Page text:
Is University about Getting a Job? The Endless Debate

Is post-secondary purely about employment or self-development? It’s a false dichotomy.

 

The OECD recently released a report that suggests the most popular degrees available in higher education are not necessarily the best for landing jobs. The Toronto Star summarized the findings in an article published on September 21, 2017:

“The most popular college and university programs are business, administration and law — but all the jobs are in engineering and information technology, says a new international report on education.”

It harks back to the debate we are having more and more in society: is university about finding employment afterwards, or is it about personal development? Two days later a letter was published by Thomas Klassen of York University in response to the Toronto Star article. Klassen states that “Post-secondary education is about preparing for the rest of life, not just a job.”

Fair enough – these debates are important to have as a society to debate our way into the best possible conclusions. The issue itself unfortunately lends itself to false dichotomies. There are those who argue education is so expensive that there must be a solid and verifiable return on investment for the graduate. Or there are those who suggest university is about personal growth and that jobs will come naturally as graduates enter the workforce and gain experience and training. Both are important factors when it comes to making decisions regarding one’s education but neither can fully account for the purpose of higher education.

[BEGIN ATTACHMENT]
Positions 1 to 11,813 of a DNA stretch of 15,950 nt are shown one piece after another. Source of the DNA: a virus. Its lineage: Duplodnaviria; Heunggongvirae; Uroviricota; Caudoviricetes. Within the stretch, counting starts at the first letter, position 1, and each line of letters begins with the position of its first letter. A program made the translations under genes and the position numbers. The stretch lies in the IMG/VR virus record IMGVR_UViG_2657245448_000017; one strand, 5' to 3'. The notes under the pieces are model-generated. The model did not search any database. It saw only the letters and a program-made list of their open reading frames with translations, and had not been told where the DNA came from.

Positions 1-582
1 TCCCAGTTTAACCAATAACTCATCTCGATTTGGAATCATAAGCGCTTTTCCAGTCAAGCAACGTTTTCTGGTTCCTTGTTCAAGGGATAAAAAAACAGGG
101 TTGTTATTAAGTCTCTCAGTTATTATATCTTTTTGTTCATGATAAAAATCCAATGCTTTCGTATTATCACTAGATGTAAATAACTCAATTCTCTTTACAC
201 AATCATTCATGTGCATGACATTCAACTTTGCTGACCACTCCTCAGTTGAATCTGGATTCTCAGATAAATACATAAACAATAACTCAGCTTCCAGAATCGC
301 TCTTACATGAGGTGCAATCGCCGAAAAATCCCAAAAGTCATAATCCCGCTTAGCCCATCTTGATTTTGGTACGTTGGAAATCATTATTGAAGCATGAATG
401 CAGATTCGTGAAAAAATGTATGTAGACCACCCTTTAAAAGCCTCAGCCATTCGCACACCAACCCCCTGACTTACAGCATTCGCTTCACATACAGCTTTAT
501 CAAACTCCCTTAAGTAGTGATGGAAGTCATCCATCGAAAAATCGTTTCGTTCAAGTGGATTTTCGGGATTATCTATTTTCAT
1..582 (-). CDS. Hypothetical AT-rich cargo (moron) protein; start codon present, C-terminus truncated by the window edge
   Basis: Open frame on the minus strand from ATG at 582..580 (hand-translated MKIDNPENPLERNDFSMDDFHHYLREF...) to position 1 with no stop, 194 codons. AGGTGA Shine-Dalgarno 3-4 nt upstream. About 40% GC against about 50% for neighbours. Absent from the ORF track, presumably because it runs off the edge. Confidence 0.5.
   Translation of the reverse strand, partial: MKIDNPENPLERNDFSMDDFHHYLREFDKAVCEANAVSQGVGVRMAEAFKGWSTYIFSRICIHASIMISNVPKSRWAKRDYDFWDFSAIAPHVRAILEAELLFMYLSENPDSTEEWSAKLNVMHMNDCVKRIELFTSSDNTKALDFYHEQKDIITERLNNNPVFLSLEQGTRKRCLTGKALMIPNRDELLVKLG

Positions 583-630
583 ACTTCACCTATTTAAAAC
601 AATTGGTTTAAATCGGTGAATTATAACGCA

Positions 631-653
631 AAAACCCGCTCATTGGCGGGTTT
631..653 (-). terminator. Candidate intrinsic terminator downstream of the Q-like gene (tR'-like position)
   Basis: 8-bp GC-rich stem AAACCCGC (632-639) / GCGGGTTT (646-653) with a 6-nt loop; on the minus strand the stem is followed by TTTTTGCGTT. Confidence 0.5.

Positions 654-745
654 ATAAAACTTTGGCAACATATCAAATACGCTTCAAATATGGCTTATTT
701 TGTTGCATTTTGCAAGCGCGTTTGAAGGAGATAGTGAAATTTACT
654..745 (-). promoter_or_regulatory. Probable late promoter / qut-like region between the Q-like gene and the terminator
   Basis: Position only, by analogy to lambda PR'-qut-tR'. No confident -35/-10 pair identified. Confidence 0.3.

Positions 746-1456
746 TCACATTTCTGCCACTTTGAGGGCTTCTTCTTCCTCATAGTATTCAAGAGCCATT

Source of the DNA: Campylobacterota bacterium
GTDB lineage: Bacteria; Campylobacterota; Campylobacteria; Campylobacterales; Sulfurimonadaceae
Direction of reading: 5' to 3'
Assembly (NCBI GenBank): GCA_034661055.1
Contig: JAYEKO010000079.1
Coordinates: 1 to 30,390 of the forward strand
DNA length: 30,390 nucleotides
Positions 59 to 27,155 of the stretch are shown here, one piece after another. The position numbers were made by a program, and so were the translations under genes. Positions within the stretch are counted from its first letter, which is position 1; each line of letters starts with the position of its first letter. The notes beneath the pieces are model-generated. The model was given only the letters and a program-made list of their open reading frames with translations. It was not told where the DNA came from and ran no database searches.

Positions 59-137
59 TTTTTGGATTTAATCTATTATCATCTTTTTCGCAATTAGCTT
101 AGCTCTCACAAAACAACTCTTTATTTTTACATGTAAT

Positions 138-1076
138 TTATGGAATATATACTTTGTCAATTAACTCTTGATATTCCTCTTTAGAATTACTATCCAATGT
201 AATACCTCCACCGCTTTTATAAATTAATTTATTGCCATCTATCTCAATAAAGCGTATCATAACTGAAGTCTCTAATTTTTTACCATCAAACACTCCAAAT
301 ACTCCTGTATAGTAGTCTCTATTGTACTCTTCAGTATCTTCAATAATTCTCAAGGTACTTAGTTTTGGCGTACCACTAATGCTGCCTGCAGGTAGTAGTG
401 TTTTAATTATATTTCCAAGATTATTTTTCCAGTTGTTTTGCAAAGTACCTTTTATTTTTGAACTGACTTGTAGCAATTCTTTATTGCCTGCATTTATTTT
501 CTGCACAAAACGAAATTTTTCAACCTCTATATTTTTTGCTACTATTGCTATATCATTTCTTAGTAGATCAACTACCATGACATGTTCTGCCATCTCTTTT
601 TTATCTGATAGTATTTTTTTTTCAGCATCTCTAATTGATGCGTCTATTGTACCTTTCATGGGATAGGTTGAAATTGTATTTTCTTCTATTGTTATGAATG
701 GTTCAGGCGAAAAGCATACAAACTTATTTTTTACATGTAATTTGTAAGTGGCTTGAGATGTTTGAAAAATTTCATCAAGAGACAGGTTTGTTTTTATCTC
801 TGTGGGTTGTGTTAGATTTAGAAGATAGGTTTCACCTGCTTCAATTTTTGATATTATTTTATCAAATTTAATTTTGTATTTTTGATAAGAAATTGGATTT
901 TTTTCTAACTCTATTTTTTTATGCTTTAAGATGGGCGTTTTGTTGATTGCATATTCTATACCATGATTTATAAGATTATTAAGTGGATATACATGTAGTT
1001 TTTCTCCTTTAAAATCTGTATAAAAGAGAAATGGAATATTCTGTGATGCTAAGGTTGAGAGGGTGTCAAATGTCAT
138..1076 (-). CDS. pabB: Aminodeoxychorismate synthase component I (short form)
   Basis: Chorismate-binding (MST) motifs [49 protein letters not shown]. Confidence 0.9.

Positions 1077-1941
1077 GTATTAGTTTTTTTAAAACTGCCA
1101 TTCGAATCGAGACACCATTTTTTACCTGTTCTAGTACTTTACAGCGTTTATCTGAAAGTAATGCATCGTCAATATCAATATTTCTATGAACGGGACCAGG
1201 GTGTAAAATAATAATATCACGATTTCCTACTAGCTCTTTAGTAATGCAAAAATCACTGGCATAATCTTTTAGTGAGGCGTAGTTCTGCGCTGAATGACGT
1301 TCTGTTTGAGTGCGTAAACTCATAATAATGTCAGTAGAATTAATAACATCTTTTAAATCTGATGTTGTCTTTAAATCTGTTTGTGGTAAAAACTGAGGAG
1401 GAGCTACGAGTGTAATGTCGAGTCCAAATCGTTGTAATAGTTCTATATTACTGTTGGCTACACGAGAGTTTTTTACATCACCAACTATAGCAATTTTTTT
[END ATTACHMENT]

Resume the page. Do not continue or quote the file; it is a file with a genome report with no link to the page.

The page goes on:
For better or for worse, more people are entering college and university either because they find it necessary to compete in the workforce or because it is becoming more widely expected of everyone. I find Trow’s model of “Transitions from Elite, to Mass and Universal Access” to be particularly useful to understand this shift. If, in the past, only elites attended university then their lot in life was already predetermined to be one of affluence as they had many marked advantages over the rest of society. These students could concern themselves more with personal development and “knowledge for knowledge’s sake” (Read The Idea of a University by Cardinal Newman for related material on this notion) rather than worrying about employment after graduation. But after World War II when higher education became for the “masses” and more recently when there is push to make higher education “universally accessible” then the concerns of this new cohort are going to be very different. Higher education will not be filled only with “elites” but with a variety of students who would be naturally concerned about their livelihood after their graduation as any person would be who needs to become self-sufficient.